¶ 32 As can be seen by the above cases, a six month suspension cannot be considered too harsh for this respondent's professional misconduct. He stands responsible not only for failure to properly handle his client's funds by commingling and simple conversion, but serious deficiencies in managing his law practice in conformity with his professional obligations in respect to supervision and oversight of his non-lawyer assistant, and in respect to communicating with his client. He also failed to have his contingency-fee contract reduced to writing as our rules require. Further, even when the problem with payment of Collins' medical bills was brought to his attention, a significant delay followed before he paid the final bill. Taking into account the suitable factors to be considered, a six month suspension — rather than some lesser suspension — is warranted for respondent's professional misconduct.



¶ 35 SIMMS, J., concurs in result.


1. Rule 6.16 of the Rules Governing Disciplinary Proceedings (RGDP), 5 O.S.1991, Ch. 1, App. 1-A, provides that where discipline is imposed, the costs of the investigation, record and disciplinary proceedings shall be surcharged against the disciplined lawyer, unless remitted for good cause by this Court.
2. Our factual recitation is taken from the agreed amended stipulations of fact submitted by the parties, and the remainder of the record presented to us, which contains the transcript of the July 1998 hearing before a trial panel of the Professional Responsibility Tribunal, and numerous exhibits admitted at the hearing, including the depositions of Java Collins, Sharon Vann, Tony Blasier and respondent.
3. The record shows the Mary Stake settlement was for about $60,000, that respondent's earned attorney fee from this settlement was available in late October 1996 and part of this fee was used by Vann to pay three of the four Collins' medical providers.
4. To warrant a finding of misconduct against a respondent lawyer in a contested case, the charge or charges alleged must be established by clear and convincing evidence. Rule 6.12(c), RGDP, 5 O.S.1991, Ch. 1, App. 1-A; State ex rel. Oklahoma Bar Ass'n v. Thomas, 1995 OK 145, 911 P.2d 907, 909.
5. Respondent testified at the trial panel hearing that now, if he would not get his bank statements every month, he would contact his bank to ensure that a similar situation to the Collins affair is not repeated.
6. In reviewing the three attorney letters and the one from the Tulsa County District Judge, it becomes clear two of the three attorney letters and the one from the District Judge are recommendation letters, on respondent's behalf, in regard to a teaching position or positions respondent was apparently seeking.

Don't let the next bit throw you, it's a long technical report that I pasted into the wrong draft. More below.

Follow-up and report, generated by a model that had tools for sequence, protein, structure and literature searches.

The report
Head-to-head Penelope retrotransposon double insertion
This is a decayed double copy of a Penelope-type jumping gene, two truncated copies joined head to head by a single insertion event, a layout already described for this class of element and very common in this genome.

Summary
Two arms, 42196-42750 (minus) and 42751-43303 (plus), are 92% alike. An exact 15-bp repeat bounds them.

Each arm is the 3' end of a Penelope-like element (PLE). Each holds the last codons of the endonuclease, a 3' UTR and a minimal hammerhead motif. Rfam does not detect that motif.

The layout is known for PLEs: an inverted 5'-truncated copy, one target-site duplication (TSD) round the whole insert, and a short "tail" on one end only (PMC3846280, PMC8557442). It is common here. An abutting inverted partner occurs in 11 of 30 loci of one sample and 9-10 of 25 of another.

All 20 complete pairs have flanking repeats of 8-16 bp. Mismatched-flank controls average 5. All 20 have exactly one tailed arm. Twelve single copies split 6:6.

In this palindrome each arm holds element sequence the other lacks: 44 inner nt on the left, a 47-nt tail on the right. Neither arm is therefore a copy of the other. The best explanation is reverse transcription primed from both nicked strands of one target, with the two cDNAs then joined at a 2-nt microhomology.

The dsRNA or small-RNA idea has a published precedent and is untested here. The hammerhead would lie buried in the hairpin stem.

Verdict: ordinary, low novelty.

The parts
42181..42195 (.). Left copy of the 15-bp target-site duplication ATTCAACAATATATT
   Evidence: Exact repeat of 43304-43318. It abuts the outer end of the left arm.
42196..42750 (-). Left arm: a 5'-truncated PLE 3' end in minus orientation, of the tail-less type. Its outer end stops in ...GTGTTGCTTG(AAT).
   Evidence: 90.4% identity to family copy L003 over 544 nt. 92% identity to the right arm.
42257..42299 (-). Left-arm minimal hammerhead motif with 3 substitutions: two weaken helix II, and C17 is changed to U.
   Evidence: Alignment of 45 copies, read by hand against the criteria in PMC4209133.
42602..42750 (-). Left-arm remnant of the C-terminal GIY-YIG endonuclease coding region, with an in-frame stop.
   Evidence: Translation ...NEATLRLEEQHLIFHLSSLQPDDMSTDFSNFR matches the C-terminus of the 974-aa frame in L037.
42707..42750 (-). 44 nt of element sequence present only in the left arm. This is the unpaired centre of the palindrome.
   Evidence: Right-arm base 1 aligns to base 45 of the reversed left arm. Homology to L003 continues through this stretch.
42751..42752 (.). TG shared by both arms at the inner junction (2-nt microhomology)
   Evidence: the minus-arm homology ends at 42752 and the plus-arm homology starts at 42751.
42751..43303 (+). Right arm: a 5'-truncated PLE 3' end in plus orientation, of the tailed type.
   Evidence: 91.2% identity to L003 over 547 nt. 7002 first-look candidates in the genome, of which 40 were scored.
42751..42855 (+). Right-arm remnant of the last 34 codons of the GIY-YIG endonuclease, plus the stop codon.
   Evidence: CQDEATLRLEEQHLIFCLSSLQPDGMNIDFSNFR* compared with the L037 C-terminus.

7. The doctor's letter also essentially states, respondent's condition results in easy fatigue, a tendency to collapse and an inability to maintain an optimum level of concentration without proper treatment. The letter further indicates that for health reasons, it is the doctor's opinion, respondent's case load/legal practice must be limited. We note, complainant has not alleged respondent's physical problems are of sufficient gravity that he is personally incapable of practicing law so as to invoke the provisions of Rule 10 of the RGDP, 5 O.S.1991, Ch. 1, App. 1-A — Suspension for Personal Incapacity to Practice Law.
8. Rule 1.2 of the Oklahoma Rules of Professional Conduct (ORPC), 5 O.S.1991, Ch. 1, App. 3-A provides:

(a) A lawyer shall abide by a client's decisions concerning the objectives of representation, subject to paragraphs (b), (c), and (d) and shall consult with the client as to the means by which they are to be pursued. A lawyer shall abide by a client's decision whether to accept an offer of settlement of a matter. In a criminal case, the lawyer shall abide by the client's decision, after consultation with the lawyer, as to a plea to be entered, whether to waive jury trial and whether the client will testify.

(b) A lawyer may limit the objectives of the representation if the client consents after consultation.

(c) A lawyer shall not counsel a client to engage, or assist a client, in conduct that the lawyer knows is criminal or fraudulent, but a lawyer may discuss the legal consequences of any proposed course of conduct with a client and may counsel or assist a client to make a good faith effort to determine the validity, scope, meaning or application of the law.

(d) When a lawyer knows that a client expects assistance not permitted by the Rules of Professional Conduct or other law, the lawyer shall consult with the client regarding the relevant limitations on the lawyer's conduct.

9. Rule 1.3, ORPC, 5 O.S.1991, Ch. 1, App. 3-A, provides: A lawyer shall act with reasonable diligence and promptness in representing a client. Rule 1.4, ORPC, 5 O.S.1991, Ch. 1, App. 3-A, provides:

(a) A lawyer shall keep a client reasonably informed about the status of a matter and promptly comply with reasonable requests for information.